January in Southern California is typically marked by rain, chilly temperatures and snow-capped mountains.
But this month is ending on a decidedly hot and dry note, with umbrellas and sweaters giving way to bathing suits and air conditioning.
The region is in the midst of a heat wave that on Monday brought record high temperatures for the day in places such as Long Beach (91 degrees), UCLA (89), Santa Ana (88), Oxnard (87) and Newport Beach (85). At 93 degrees, Lake Forest was the hottest spot in the United States. More records could fall Tuesday, and there is no rain in the foreseeable future.
It’s a repeat of the unusually hot, dry and windy weather that helped fuel huge brush fires in December. Since the end of last February, downtown Los Angeles has seen just 2.26 inches of rain — an anemic amount over an 11-month period. Los Angeles has seen just 28% of its average precipitation since October — with most of it coming from the rainstorm that caused the deadly mudslides in Santa Barbara County.
“We’re about halfway through the rain season, so we’ve only got February and March, and they better be a miracle," said climatologist Bill Patzert. “If they’re not, we just backflipped into the drought again.”
The culprit has been a recurring high-pressure system over the West. “It’s been a hot summer, a hot fall, and even now in the midwinter. We’re talking mid-80s at the end of January? That’s unheard of,” Patzert said.
“The heat today is pretty extraordinary,” added UCLA climate scientist Daniel Swain. “Coastal California is susceptible to midwinter heat spells, but this is a particularly extreme example — to the point where we are breaking records.”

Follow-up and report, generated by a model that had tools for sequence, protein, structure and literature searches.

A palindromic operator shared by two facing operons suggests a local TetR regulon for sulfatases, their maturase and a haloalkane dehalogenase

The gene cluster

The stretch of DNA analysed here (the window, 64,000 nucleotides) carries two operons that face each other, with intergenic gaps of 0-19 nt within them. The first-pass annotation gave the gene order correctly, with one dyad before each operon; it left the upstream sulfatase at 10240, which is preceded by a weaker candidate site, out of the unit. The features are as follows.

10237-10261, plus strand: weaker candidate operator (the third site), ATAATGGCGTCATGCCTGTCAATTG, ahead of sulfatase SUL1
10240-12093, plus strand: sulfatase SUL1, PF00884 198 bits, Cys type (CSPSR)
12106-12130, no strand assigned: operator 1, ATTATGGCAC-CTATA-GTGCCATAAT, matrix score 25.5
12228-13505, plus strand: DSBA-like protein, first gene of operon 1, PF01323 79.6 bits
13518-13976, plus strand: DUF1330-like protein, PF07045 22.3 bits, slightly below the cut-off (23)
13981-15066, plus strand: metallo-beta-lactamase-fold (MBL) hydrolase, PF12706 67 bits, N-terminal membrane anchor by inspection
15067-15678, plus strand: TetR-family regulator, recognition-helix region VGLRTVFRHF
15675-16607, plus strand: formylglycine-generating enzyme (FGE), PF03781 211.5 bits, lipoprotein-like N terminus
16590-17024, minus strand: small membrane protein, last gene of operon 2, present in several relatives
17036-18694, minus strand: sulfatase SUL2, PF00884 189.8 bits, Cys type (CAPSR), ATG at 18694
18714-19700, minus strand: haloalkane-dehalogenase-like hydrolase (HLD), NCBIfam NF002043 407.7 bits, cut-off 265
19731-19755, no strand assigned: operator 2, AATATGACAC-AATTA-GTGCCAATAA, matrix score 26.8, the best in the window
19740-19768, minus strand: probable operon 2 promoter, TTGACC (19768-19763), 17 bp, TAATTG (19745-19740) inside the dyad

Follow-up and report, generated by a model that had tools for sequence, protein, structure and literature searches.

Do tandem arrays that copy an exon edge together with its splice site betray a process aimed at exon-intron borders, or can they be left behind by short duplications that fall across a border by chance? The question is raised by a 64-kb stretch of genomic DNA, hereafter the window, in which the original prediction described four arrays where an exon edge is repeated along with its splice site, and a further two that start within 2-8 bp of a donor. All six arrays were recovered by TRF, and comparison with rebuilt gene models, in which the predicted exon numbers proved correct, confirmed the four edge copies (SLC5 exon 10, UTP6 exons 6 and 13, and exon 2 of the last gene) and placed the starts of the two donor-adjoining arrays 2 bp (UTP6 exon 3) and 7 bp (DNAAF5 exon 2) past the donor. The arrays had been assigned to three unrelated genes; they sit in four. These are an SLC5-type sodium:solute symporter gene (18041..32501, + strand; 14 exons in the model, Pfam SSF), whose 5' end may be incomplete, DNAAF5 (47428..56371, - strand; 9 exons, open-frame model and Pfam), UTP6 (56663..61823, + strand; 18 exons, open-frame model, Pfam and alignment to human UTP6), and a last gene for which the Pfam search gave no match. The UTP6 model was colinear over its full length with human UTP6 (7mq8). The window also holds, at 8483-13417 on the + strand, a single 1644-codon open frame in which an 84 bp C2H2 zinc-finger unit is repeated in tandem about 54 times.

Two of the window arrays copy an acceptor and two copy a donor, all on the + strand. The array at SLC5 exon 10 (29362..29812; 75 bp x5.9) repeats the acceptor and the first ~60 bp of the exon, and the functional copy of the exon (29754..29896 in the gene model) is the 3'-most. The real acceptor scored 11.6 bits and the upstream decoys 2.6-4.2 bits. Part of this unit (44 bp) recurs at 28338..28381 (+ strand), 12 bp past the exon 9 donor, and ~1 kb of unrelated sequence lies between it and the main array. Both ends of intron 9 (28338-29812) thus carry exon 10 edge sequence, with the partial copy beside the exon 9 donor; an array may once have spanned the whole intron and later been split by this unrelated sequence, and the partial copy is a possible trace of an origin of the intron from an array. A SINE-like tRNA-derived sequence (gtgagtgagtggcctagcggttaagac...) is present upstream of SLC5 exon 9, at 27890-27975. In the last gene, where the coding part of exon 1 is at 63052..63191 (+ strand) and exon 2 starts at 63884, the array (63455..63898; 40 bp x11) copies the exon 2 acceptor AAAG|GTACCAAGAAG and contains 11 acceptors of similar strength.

Dodger Stadium hosted the hottest World Series game ever (103 degrees). Downtown L.A. sweated through its hottest Thanksgiving (92 degrees) since records began being kept.
And L.A. recorded its driest March-through-December period on record, with the paltry 0.69 inches beating out the 1.24 inches that fell during the same 10-month period in 1962.
The extreme heat has been noticeable across California.
“This year, we’re seeing some of these dramatic examples. … When it’s 106 in San Francisco, that gets people’s attention,” Swain said.
The hot and dry weather has come with danger, with Southern California getting an unusually persistent pattern of Santa Ana winds blowing from inland to the coast, raising fire risk. A small brush fire broke out early Monday in Malibu, threatening homes before firefighters were able to knock it down.
Malibu is used to the brush fire danger, but some residents said a January blaze is unusual.
“The fire was right in his backyard. We saw at least three helicopters drop water and there were a few firefighter engines that came on our block,” said resident Brian Rapf, a real estate agent. “If it wasn’t for them, the houses on our street would have burned.”
Rapf said heavy Santa Ana winds helped fuel the fire, but that the dry brush made the situation even more dangerous.
“This time last year, it would have been impossible because the hills were green from all the rain,” he said.
Northern California has fared better than Los Angeles, but there is still cause for concern. San Francisco is at 65% of average precipitation and San Jose at 70%, with the Bay Area affected by the same mass of high pressure as Southern California, said meteorologist Jan Null.
The snow in the Sierra Nevada, California’s greatest mountain range, has been disappointing compared with last year’s record-breaking season. At Mammoth Mountain, snow has been decent at the highest elevations, but at some lodges the snow was dispiritingly thin.